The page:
I have spent my entire life as a wanderer without a map.
Born with a restless hum to tirelessly search for something, I have stood in many strange places in my life, always considering the way they make me feel. I have instantly rejected some of the world’s “greatest” cities as places whose vibrations didn’t jive with mine: Bangkok, Sydney, London, and, yes, New York City. Beyond the completeness LA has made me feel, I was drawn to Austin’s bohemian cool as a child, worshipped Seattle’s dark, damp chaos from afar as a teenager and up close on occasion in my twenties, and had a lengthy, though now defunct, love affair with the hippie rebellion epicenter of San Francisco. I’ve had lust for the twangy flair of Nashville, felt at home in the relatively unknown Italian city at the foot of the Alps, Brescia, found my spirituality in Angkor Wat, Cambodia, shivered in the grim, magical forests of Bergen, Norway, and searched for hobbits, elves and fairies in Queenstown, New Zealand.
But my favorite places are the eccentric, small towns of rural America. Cody, Wyoming…Ojai, CA…Snowqualmie, WA…Jerome, AZ…Marfa, TX, and my absolute favorite, Joshua Tree.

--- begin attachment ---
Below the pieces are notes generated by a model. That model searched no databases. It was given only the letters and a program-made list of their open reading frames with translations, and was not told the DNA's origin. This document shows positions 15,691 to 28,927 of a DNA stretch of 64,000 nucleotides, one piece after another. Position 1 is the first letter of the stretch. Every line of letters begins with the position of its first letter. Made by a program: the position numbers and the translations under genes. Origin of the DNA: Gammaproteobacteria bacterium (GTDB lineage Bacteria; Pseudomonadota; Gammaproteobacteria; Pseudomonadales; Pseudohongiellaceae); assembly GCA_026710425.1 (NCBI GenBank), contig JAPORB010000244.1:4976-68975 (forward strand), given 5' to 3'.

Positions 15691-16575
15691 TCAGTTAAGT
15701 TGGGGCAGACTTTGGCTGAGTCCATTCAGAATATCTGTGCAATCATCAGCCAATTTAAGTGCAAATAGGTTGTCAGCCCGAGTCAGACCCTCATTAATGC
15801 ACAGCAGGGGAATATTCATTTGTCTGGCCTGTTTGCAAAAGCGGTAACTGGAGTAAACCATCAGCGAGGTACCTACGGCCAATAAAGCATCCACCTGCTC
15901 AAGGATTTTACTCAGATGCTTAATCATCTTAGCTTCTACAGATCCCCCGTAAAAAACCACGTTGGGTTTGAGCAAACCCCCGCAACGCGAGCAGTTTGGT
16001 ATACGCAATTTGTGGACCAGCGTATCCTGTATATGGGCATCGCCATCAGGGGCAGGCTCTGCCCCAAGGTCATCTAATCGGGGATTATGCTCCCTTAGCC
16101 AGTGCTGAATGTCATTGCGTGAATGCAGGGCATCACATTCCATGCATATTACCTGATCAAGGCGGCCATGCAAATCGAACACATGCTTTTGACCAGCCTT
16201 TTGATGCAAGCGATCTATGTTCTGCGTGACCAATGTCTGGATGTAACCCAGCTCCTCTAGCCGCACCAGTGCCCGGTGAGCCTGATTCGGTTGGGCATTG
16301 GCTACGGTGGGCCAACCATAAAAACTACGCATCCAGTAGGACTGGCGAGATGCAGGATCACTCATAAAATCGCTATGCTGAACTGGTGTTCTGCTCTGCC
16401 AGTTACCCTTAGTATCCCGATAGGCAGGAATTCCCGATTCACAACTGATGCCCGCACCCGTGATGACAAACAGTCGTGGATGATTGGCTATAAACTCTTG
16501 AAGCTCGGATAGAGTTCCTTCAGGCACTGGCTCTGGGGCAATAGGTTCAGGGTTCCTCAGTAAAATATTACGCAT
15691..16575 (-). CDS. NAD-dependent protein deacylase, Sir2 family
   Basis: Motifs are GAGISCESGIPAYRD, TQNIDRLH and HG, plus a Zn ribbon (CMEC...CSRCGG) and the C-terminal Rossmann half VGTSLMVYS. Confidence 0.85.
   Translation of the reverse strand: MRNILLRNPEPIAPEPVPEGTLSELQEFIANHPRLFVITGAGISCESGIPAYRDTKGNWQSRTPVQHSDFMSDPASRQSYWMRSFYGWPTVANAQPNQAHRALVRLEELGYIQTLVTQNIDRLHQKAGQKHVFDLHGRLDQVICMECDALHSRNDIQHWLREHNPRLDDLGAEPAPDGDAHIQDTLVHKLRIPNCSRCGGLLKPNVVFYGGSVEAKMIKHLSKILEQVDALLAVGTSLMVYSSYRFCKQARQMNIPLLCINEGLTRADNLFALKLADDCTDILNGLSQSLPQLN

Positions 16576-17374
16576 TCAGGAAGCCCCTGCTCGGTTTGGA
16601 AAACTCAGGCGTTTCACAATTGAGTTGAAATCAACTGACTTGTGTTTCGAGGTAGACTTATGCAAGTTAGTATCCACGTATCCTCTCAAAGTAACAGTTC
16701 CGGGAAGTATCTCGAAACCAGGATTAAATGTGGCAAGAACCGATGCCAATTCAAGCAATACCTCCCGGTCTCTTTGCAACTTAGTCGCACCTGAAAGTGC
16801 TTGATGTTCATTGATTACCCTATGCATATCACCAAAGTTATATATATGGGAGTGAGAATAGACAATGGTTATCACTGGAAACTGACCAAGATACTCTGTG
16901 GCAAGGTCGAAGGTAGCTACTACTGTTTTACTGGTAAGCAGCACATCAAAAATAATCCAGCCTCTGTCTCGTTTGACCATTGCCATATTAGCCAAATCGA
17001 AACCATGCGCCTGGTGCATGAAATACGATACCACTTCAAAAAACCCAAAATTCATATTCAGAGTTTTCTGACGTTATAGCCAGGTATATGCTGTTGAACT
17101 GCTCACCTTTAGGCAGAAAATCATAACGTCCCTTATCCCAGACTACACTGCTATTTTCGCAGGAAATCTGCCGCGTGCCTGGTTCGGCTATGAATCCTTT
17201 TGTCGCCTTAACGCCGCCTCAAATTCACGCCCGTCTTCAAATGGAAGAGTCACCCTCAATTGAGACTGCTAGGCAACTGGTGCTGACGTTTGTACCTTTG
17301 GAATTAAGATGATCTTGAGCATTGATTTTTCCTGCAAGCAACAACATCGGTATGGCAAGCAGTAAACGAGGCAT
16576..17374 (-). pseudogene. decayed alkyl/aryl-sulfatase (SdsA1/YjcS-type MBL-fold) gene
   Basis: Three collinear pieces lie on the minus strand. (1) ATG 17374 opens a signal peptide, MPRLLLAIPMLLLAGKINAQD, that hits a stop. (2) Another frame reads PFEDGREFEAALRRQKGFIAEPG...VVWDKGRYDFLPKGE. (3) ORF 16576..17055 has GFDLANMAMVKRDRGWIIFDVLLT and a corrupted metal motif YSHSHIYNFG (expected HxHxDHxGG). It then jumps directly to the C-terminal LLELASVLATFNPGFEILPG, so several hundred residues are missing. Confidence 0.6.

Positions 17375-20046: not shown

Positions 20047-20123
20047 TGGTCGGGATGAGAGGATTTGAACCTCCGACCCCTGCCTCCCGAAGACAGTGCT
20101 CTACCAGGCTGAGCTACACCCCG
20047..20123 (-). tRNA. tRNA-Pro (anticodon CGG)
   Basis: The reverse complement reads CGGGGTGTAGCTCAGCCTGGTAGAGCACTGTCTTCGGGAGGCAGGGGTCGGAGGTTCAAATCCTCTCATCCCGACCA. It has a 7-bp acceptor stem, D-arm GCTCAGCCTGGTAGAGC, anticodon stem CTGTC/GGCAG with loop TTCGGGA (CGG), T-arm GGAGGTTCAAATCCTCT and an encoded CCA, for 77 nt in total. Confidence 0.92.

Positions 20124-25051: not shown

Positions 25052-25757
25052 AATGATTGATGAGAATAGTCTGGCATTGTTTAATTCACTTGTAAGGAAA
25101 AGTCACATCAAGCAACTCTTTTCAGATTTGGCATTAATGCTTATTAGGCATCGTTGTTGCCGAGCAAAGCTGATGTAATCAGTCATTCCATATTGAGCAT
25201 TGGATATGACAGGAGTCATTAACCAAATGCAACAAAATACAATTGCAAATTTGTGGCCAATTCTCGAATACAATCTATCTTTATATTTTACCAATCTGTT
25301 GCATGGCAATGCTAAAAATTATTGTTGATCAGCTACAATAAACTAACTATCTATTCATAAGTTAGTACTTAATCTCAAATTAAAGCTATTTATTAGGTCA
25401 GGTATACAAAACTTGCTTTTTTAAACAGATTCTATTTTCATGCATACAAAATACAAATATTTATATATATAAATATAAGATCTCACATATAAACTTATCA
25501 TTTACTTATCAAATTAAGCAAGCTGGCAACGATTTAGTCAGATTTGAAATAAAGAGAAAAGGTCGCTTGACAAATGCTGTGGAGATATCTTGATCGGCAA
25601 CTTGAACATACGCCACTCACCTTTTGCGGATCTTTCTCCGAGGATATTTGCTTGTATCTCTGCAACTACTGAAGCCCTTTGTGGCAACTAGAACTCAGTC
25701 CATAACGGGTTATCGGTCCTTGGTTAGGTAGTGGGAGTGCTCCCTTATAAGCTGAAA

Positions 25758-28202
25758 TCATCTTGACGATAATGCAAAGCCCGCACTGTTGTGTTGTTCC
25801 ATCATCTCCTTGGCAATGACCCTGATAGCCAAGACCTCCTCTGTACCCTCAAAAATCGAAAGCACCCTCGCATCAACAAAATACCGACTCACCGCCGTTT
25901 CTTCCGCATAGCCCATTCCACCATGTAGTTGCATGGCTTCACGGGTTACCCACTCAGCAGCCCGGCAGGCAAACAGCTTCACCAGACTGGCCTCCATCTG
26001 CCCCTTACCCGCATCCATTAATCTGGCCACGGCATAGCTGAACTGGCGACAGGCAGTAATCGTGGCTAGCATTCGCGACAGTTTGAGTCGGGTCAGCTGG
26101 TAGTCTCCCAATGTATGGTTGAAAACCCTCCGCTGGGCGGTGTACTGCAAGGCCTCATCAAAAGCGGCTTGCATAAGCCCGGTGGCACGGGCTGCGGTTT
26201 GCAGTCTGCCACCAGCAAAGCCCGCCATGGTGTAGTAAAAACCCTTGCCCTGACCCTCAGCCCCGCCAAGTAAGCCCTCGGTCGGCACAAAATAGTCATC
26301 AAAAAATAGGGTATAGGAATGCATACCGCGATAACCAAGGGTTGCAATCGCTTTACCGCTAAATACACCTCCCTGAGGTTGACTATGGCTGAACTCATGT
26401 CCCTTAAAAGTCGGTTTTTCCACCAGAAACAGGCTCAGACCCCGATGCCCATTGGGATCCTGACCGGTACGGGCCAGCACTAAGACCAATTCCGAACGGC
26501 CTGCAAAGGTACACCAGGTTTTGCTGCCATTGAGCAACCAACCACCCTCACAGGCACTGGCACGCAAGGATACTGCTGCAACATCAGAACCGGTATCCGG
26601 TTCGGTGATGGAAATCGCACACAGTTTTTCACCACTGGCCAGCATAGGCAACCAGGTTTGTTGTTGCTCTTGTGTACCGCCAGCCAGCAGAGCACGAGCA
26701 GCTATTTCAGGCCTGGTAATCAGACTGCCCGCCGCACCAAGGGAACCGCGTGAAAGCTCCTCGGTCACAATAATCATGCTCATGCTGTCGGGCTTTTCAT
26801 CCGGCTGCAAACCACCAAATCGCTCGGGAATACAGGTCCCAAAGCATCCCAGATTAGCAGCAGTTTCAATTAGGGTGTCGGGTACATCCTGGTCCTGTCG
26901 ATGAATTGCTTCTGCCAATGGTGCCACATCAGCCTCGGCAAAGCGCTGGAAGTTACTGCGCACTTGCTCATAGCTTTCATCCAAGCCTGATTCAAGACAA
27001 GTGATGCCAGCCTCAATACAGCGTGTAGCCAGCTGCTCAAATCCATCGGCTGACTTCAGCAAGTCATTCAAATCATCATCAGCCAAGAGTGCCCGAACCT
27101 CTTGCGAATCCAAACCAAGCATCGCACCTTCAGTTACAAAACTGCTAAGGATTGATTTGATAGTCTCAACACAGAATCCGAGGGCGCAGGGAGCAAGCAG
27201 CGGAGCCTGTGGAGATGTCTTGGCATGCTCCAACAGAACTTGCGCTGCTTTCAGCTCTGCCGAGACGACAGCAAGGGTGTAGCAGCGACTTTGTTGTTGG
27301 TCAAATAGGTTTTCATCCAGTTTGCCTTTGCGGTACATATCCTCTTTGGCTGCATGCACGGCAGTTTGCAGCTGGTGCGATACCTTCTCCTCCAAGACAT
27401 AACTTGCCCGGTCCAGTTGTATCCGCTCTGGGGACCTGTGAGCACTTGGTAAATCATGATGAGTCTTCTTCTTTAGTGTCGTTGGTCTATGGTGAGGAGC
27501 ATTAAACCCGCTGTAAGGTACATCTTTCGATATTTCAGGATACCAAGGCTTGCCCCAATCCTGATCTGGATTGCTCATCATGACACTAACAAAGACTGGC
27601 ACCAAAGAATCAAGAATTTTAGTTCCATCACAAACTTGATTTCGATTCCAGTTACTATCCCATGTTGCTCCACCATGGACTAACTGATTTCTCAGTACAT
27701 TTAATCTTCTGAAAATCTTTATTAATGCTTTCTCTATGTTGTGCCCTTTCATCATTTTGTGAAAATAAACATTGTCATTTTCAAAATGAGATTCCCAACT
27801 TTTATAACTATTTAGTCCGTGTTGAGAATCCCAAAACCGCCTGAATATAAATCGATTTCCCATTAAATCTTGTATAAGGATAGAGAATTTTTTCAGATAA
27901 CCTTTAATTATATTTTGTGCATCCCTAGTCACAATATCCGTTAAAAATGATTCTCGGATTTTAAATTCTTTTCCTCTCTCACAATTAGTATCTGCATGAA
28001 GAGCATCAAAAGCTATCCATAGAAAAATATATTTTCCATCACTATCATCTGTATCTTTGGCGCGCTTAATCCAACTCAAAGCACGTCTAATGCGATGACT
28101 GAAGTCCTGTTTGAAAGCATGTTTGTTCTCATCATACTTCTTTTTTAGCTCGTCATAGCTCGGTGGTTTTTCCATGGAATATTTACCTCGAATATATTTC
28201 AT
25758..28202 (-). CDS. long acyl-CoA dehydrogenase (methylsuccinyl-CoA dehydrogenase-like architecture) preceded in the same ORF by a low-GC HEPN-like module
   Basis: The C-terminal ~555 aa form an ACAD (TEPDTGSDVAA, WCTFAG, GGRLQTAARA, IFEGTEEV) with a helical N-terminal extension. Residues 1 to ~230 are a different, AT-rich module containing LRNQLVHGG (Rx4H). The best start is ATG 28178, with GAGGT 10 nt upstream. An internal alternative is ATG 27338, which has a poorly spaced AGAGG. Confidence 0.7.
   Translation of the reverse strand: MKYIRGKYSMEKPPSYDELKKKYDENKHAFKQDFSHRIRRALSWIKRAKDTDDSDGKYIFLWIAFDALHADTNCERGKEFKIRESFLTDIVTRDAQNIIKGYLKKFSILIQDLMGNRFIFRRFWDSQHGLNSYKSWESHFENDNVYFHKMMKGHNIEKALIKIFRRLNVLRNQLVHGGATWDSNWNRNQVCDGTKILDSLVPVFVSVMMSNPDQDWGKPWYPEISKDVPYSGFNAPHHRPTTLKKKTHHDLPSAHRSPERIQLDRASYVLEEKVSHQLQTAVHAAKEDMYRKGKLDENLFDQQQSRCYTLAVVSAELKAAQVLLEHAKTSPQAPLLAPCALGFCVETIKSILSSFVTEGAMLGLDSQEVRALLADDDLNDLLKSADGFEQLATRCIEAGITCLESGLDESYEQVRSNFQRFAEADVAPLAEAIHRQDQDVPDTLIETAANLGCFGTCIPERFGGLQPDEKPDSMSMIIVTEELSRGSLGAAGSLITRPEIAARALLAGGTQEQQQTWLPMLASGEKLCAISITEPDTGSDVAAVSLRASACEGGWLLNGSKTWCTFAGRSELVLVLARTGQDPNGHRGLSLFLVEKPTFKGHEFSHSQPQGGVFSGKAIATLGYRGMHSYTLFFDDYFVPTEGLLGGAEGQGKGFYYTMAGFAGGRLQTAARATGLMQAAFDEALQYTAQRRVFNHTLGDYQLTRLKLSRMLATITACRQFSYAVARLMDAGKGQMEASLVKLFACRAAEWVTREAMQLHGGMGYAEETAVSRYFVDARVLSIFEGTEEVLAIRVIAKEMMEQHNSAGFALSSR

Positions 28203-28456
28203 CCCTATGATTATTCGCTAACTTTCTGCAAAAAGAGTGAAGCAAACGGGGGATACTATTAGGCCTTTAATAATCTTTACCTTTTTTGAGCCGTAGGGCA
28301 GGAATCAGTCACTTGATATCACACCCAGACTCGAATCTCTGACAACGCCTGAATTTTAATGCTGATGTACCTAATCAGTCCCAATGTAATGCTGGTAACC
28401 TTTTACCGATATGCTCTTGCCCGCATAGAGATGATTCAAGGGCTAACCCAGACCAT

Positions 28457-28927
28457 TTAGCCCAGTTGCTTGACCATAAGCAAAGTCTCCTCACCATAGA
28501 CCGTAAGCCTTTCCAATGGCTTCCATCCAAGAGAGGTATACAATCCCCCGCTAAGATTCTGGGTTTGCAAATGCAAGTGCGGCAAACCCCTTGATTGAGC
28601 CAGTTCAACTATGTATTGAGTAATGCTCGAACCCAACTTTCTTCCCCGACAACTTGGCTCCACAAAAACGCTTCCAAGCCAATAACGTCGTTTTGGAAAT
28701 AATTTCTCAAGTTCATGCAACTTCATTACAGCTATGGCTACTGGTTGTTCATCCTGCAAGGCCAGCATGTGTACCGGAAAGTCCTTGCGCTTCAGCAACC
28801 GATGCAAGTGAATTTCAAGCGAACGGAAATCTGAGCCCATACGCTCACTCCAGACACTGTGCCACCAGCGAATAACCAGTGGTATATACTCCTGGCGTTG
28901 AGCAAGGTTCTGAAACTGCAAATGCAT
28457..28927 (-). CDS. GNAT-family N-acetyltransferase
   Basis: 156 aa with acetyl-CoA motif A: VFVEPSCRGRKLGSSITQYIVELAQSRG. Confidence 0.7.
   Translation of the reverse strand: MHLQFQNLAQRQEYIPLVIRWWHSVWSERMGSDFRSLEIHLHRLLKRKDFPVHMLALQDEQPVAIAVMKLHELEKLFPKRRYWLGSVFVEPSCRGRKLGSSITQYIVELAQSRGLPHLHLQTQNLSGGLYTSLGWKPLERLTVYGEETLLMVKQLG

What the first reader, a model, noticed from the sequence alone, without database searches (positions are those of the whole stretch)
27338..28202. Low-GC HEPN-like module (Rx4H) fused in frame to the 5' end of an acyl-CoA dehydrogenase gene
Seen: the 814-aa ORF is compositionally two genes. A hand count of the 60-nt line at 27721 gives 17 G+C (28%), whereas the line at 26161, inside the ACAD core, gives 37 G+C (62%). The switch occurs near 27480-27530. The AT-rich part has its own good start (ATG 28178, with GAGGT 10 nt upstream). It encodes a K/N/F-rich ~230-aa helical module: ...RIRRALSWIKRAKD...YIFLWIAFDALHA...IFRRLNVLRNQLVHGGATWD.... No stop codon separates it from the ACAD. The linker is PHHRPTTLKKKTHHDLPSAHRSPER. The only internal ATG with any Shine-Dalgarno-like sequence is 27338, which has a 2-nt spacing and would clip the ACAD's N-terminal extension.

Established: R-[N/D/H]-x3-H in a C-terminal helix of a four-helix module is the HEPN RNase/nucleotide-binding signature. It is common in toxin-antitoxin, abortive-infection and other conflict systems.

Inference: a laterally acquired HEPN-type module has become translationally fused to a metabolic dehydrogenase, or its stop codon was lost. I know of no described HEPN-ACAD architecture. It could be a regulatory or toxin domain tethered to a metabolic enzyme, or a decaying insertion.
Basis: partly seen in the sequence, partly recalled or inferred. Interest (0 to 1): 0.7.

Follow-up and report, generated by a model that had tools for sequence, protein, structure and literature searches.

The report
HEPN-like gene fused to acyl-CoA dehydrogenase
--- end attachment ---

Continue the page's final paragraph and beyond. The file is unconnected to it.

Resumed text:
I can’t remember when the desire was first seeded in me to go to Joshua Tree. No, it wasn’t that U2 album that everyone mentions when I share my love for the place….I’ve never been into U2, even though I have sipped whiskey and shared stories with that album’s creator once or twice. Perhaps it was the way the place was lovingly name-dropped by its adorers, usually artistic types in search of inspiration or escape.
The first time I went there I was looking for inspiration and escape.
I will never forget the first time my eyes grazed the landscape of Joshua Tree. There is truly nothing like it. The cruel, brittle desert gave way to twisted trees and lunar landscapes that looked like alien children had been playing with their version of Legos and Lincoln Logs. It was love at first sight.
I’m not sure why some place so devoid of life appeals to me so much. Who am I kidding, I’m the death-obsessed girl. It was like the physical manifestation of my sadness, my Garmonbozia. But the place is like a sponge, it exorcizes these bad things for me, as they pour out in sweat against the impending doom of heat, in thought against the relentless blue horizon, in sight amongst the never-ending variant shades of brown. And then it fills me with a new energy, and I leave invigorated.